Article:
By the way, how many 10 footers do you expect to make? About 70 percent is most people's expectation. But the pros, the best players in the game only make these 50 percent of the time. So really give it some thought. If you want to improve your score, focus on mainly just trying to get the ball close from 15 feet. Sometimes, by default, it will drop. Make those 3 footers most of the time. this way you two putt more often than three putt. But don't worry if you do end up three putting. The pros do it sometimes, so there's no reason why you should be exempt from three putting. Still, three putting isn't the end of the world. if you two putt most of the time, one putt sometimes, and thee putt rarely, then you're a great putter.

post #14 of 27
Had a similar issue here. I use a setup like the one Shirl describes, which helps a lot.

Two improvements I made which have helped: got a larger grip on my putter to quieten my wrists. Now I don't have to think about the stroke as much. And more importantly, keeping my eyes down after I strike the ball; I was following the ball to the hole with my eyes as I hit it, causing me to pull it a lot. Now I listen for the sound of it dropping.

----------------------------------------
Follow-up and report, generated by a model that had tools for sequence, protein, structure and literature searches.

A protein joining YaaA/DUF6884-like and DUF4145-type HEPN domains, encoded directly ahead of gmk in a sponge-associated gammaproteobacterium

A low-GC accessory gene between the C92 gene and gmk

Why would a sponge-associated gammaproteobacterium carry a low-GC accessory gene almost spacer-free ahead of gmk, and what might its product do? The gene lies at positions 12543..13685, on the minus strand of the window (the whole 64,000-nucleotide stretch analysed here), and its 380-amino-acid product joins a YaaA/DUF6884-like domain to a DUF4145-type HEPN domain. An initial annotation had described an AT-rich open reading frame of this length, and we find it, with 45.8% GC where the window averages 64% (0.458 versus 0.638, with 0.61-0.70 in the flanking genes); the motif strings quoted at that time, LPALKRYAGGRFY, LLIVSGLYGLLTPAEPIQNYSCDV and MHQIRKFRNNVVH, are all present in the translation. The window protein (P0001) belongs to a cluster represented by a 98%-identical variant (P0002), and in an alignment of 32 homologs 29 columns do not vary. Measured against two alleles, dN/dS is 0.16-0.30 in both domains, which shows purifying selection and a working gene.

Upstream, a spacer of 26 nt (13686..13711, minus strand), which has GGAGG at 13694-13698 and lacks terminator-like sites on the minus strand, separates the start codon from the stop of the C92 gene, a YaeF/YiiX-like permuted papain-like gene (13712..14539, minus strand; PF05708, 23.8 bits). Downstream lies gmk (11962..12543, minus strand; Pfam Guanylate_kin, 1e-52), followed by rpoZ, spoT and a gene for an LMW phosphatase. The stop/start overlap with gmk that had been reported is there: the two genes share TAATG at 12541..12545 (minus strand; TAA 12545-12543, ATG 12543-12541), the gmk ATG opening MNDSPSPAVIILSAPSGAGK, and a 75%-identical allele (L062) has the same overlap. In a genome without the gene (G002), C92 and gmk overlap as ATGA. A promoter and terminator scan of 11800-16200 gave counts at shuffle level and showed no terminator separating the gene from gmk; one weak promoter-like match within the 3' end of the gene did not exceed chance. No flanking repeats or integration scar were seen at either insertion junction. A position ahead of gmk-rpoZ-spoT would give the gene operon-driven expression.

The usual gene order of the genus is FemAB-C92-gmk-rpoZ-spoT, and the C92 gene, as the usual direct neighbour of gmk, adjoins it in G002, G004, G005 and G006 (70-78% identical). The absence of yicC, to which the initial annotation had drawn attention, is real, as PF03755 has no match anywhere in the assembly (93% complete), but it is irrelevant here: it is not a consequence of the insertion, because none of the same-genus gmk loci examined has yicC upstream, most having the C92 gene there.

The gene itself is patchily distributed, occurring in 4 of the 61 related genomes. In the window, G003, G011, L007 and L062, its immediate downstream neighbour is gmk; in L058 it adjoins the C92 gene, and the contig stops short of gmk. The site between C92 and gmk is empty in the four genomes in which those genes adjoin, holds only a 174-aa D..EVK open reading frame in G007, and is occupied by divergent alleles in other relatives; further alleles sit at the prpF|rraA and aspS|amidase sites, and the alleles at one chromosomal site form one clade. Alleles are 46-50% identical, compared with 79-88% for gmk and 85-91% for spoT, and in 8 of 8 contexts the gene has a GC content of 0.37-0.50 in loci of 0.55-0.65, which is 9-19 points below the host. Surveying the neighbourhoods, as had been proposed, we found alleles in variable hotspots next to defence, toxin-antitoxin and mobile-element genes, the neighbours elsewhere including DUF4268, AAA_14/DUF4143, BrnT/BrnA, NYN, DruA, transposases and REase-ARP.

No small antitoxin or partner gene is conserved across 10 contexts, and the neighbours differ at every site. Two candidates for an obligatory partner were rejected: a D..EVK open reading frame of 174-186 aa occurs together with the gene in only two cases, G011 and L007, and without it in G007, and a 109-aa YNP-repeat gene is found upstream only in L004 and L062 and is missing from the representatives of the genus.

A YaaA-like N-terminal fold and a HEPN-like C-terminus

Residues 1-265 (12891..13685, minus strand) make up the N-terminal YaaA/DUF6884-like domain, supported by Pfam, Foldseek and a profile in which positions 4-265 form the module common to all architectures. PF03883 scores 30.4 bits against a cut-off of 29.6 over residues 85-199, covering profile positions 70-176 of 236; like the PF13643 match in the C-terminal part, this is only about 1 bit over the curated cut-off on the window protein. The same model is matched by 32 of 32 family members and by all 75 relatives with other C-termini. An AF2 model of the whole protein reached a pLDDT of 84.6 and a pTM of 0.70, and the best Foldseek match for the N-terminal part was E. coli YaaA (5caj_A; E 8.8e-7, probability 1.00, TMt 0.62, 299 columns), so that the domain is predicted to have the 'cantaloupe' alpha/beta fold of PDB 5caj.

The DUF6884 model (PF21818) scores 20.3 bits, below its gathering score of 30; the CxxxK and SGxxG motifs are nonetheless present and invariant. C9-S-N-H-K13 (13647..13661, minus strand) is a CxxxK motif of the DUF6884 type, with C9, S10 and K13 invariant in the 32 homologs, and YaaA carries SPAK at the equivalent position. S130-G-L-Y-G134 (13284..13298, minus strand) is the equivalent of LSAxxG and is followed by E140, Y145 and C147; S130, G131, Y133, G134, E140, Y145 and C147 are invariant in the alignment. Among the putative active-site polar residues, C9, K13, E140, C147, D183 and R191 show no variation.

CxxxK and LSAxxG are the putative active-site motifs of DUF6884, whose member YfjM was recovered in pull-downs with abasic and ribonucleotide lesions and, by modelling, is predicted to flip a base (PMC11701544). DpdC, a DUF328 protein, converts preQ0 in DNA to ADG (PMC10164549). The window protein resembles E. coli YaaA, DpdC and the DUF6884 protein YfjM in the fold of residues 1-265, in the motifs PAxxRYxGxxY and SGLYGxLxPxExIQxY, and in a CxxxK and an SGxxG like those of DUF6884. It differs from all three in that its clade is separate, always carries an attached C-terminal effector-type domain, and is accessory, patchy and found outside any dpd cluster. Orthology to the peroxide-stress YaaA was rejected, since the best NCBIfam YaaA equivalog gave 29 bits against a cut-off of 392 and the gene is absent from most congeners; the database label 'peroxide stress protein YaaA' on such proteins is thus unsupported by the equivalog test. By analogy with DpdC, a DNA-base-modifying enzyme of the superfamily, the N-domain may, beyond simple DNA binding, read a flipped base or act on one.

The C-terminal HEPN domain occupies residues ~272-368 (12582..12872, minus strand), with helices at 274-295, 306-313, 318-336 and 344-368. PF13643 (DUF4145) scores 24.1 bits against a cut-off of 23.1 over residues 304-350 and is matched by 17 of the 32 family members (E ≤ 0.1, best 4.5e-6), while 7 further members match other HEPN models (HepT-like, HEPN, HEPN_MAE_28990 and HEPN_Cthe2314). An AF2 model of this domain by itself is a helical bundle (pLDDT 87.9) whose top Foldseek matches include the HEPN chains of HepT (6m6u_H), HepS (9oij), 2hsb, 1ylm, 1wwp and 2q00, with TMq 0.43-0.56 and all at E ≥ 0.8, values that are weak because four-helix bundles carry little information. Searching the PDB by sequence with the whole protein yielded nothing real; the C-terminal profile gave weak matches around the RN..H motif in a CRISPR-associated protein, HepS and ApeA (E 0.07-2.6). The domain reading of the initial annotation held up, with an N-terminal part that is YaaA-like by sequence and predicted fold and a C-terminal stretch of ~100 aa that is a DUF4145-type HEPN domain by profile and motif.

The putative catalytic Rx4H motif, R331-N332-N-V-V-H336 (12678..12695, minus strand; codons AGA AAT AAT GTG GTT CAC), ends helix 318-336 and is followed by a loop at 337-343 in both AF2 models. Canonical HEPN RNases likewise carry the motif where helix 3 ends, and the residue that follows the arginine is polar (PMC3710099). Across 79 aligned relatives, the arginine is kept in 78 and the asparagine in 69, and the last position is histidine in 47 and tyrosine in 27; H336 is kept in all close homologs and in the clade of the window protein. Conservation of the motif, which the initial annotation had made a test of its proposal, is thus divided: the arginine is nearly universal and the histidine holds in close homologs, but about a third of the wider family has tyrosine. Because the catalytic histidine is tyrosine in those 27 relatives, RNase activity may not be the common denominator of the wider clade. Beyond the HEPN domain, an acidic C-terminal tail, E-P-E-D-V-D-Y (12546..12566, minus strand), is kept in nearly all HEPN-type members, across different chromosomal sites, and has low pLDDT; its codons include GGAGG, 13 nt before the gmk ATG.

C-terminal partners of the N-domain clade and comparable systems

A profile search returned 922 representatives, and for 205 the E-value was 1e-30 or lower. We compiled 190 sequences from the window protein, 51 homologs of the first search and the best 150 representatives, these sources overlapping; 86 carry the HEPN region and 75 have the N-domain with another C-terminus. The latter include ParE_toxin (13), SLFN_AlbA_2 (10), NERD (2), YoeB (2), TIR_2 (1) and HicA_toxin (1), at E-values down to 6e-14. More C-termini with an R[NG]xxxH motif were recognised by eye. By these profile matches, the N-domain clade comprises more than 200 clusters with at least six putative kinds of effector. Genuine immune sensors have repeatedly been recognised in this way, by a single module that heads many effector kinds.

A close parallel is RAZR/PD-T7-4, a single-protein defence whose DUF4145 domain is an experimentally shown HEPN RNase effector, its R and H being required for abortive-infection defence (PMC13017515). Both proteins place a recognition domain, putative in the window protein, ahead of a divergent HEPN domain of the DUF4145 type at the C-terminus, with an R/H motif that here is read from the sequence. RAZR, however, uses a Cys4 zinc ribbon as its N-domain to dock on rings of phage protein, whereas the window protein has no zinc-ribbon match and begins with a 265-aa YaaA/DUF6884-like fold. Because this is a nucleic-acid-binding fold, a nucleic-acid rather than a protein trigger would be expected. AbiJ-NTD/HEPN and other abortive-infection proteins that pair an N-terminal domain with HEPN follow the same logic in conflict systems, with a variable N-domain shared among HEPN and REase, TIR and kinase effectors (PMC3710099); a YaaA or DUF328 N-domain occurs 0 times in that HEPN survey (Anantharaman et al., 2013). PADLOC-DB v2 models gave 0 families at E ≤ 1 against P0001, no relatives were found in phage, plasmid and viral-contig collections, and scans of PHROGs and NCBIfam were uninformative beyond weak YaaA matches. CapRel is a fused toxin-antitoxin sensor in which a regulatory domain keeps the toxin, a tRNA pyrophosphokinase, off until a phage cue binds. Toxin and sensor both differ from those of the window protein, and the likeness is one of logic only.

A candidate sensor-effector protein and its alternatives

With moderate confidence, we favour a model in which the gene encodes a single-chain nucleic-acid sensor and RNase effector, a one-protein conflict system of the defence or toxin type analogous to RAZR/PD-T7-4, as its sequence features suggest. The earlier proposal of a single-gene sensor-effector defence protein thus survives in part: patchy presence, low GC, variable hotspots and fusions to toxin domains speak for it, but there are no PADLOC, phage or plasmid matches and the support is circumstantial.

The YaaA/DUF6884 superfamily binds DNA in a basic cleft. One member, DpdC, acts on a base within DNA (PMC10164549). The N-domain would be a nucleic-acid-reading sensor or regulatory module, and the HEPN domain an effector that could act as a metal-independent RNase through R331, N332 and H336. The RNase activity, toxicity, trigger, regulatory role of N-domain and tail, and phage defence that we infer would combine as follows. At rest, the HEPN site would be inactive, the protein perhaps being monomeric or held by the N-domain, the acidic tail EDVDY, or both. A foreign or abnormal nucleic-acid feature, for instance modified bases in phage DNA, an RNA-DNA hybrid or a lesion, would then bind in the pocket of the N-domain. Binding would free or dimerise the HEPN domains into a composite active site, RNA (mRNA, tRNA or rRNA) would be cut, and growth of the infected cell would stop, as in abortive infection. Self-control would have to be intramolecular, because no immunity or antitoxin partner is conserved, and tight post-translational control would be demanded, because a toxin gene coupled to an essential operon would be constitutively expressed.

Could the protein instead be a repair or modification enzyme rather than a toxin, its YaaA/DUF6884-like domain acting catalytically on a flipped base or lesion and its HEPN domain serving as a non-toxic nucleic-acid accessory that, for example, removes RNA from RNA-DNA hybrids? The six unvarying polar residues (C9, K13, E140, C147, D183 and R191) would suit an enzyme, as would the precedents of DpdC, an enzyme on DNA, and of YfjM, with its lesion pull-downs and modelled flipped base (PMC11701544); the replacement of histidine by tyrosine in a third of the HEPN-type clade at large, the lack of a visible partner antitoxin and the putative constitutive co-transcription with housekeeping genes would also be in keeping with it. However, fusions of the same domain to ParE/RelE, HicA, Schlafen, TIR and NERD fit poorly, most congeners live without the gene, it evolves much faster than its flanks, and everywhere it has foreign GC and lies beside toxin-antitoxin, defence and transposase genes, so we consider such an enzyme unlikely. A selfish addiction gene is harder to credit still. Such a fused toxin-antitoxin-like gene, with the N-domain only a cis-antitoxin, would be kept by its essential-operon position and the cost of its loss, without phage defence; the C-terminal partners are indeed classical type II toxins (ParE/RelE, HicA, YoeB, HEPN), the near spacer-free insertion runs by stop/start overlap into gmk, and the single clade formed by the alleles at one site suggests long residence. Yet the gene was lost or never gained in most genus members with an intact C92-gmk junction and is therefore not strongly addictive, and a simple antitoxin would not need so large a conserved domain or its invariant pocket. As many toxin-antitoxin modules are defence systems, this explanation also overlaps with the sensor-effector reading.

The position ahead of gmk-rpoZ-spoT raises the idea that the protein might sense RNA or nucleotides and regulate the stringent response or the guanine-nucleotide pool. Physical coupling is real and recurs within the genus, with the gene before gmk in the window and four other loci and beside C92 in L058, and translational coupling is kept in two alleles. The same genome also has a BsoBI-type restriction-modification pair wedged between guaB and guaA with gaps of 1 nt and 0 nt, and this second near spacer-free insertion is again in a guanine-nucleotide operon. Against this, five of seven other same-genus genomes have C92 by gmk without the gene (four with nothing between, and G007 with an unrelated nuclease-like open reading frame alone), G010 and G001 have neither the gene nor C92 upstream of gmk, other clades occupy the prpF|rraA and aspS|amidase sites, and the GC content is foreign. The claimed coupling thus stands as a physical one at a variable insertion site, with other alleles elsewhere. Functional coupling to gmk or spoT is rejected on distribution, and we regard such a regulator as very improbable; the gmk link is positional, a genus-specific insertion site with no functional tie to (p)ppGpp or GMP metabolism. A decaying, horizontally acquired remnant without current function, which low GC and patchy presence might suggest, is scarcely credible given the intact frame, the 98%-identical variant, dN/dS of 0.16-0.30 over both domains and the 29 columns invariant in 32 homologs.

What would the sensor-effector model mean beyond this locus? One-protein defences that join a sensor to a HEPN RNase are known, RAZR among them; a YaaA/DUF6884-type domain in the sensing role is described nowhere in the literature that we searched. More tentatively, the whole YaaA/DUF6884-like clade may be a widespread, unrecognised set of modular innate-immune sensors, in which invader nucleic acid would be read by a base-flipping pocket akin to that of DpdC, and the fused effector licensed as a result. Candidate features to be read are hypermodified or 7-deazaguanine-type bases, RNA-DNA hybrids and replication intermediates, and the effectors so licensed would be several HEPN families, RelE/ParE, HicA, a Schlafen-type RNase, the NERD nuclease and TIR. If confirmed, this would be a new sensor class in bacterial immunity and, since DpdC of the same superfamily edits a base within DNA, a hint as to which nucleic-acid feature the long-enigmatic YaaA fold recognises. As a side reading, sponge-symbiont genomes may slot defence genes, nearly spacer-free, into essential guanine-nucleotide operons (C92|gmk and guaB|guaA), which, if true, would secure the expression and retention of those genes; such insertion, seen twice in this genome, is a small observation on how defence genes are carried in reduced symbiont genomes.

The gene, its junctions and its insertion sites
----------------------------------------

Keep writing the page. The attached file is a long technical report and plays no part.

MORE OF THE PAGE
post #15 of 27
Quote:
Originally Posted by Shirl View Post
 

Bend into the shot. The upper body should be over the ball bringing the eyes directly above the ball. Pull the putter straight back and straight through the shot - this means not stopping once you tap the ball. There can be no hinging of your wrists. Work at tucking your arms in as you bend outwards from the elbows. The more you arch your wrists, the more you limit the independent hinging of the wrists and add to the control of the stroke. Your elbows should lightly brush the side of your body. By moving your arms and shoulders together you’ll move the putter correctly through the ball.

Well, some of the better putters of the game also have their eyes just inside the ball. It is commonly taught that eyes over the ball or just inside the ball -- is fine. BUT the eyes outside of the ball is a big romper-room no no.